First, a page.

Queerwell, based in Alberton, Johannesburg, provides a safe space for queer individuals who cannot afford private mental health services. The organisation has assisted more than 1 300 members of the LGBTQIA+ community in accessing private professional psychologists and therapists since 2019. 

It has also relied on volunteers and donors to remain operational. 


Dr Dulcy Rakumakoe, one of the founders of Queerwell, is desperate for help. 

“We are trying to raise the funding so that we can be able to pay the therapists and counselors, as well as the administrators. We are also aiming to provide employment for some members of the queer community,” she said.  

The mental health professionals who offer services at the NPO are given sensitization training so that they can understand some of the issues affecting queer individuals.  

This also helps provide a safe space where services are tailored to suit the clients’ needs and preferences in terms of gender, race and language of the professional assigned to them.   

With the recent spate of murders driven by hate crimes leveled against LGBTQUIA+ people, the need for these mental health services has become more urgent with fear, anxiety and depression taking a toll on the queer community.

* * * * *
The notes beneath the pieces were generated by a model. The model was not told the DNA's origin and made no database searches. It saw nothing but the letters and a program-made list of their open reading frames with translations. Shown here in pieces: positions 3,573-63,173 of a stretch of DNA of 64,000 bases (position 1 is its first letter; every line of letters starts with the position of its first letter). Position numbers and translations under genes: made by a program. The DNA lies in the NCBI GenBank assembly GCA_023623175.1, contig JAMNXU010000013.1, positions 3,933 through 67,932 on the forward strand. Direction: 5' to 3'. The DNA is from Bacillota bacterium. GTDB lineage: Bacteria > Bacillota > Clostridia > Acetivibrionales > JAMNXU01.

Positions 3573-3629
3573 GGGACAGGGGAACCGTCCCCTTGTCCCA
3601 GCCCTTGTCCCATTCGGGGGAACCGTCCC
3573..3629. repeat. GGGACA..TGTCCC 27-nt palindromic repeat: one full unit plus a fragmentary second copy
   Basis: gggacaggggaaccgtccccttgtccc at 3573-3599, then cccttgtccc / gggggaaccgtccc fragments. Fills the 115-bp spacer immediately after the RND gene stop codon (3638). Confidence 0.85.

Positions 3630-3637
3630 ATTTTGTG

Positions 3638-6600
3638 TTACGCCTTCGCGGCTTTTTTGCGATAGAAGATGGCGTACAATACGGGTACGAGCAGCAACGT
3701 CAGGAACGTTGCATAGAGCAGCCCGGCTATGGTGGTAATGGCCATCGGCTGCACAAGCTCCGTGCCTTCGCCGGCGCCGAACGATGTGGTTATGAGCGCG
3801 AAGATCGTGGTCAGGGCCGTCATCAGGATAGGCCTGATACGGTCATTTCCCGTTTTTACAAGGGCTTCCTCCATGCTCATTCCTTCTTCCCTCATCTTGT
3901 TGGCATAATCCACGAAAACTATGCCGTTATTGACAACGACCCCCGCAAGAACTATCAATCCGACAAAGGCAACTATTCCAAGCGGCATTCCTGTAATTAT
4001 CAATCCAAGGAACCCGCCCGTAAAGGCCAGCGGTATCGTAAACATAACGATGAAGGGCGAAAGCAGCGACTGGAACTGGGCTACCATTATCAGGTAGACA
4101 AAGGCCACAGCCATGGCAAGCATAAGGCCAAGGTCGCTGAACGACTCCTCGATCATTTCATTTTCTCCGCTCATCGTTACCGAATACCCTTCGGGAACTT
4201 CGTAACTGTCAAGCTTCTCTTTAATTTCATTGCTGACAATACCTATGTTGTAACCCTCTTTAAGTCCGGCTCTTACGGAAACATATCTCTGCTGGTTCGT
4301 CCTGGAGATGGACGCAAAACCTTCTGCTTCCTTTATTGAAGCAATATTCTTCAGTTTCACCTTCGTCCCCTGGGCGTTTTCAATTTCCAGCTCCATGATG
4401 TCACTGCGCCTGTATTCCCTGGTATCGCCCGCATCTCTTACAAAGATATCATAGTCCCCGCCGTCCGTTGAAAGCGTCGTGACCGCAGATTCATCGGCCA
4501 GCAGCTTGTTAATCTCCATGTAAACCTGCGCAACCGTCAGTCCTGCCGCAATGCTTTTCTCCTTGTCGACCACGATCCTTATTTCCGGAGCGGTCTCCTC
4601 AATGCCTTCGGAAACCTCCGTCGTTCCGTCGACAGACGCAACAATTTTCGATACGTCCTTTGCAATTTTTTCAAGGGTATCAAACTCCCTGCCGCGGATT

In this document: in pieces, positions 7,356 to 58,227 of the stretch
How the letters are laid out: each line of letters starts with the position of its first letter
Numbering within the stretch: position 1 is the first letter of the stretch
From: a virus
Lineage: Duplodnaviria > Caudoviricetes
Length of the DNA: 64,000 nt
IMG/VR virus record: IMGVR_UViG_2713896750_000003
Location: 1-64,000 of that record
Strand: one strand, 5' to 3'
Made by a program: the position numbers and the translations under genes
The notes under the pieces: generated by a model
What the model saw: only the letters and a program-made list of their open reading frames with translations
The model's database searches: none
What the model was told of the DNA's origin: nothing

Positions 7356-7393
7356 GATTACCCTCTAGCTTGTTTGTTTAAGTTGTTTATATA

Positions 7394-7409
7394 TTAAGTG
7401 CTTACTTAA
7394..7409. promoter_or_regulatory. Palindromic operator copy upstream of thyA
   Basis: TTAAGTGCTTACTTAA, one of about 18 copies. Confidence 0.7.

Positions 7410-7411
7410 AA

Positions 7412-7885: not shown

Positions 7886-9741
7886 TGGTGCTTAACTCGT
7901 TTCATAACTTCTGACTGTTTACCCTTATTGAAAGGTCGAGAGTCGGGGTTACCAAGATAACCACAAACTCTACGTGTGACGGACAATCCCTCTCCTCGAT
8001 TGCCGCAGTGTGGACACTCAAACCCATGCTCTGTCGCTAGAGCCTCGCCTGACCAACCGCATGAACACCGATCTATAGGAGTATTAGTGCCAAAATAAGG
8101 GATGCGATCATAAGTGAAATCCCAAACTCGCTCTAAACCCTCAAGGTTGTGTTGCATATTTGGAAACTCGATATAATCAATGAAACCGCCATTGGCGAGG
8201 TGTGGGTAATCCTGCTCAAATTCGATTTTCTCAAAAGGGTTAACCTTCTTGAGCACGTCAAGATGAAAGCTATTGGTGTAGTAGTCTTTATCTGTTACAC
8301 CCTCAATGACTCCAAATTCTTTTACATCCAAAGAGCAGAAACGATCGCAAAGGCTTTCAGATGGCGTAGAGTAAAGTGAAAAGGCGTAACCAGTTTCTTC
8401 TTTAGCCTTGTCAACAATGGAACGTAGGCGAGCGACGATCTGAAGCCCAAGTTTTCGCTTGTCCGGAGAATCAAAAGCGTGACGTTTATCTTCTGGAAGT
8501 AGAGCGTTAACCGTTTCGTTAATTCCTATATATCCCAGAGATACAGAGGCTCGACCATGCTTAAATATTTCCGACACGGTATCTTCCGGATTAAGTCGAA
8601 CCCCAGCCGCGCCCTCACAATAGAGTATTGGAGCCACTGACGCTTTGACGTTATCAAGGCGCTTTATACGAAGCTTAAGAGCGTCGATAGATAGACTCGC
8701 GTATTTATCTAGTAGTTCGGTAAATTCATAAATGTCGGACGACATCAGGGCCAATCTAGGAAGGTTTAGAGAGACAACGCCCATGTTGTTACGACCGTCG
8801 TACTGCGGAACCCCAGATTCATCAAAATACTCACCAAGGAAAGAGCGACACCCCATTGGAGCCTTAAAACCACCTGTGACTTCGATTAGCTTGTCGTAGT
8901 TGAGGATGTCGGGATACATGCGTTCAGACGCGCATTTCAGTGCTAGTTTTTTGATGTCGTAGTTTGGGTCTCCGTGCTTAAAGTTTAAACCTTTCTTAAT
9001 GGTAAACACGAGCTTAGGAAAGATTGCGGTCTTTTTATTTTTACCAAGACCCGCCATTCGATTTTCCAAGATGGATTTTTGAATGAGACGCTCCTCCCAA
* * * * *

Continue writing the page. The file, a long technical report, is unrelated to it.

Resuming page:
“You can imagine if you’re living in Thembisa and a queer person in your area gets killed. As a gay person who is living in that same place, you are obviously anxious and worried about your own safety. It is very depressing to know that you could be killed because of your sexuality,” said Rakumakoe. 

Rakumakoe further added that rejection from families based on sexuality is a leading contributor to depression seen in most of the patients at Queerwell. 

She added that Queerwell also equips patients with mental health techniques which can be used once they return to their usual environments.  

The impact of COVID-19 on the earning abilities of many South Africans has also contributed to the rising number of people who are in need of mental health services. 

Making the switch  

But the restrictions brought by measures to curb the spread of the virus have allowed the NPO to reach more people than previously possible.

With many organisations having to use virtual platforms to reach out to clients, Queerwell has adapted to new ways of counselling with patients. Online counselling sessions have replaced face-to-face safe spaces. 

“We are accessible to all now. We have even had people from outside the country reaching out to us. People are now able to reach us and speak to a therapist and get assistance. The downside is that people who are in situations where being online is a privilege or where lockdown restrictions have a played a role means many haven’t been able to reach us,” said Rakumakoe. 

Queerwell hopes they’ll be able to open a mental health clinic that will offer services to queer individuals. 

They have also called on individuals and organisations to support their efforts of offering their much-needed services to individuals who sometimes fear seeking help because of the stigma and victimisation that they often get subjected to. 

Those willing to donate can visit their website at: https://queerwell.org– Health-e News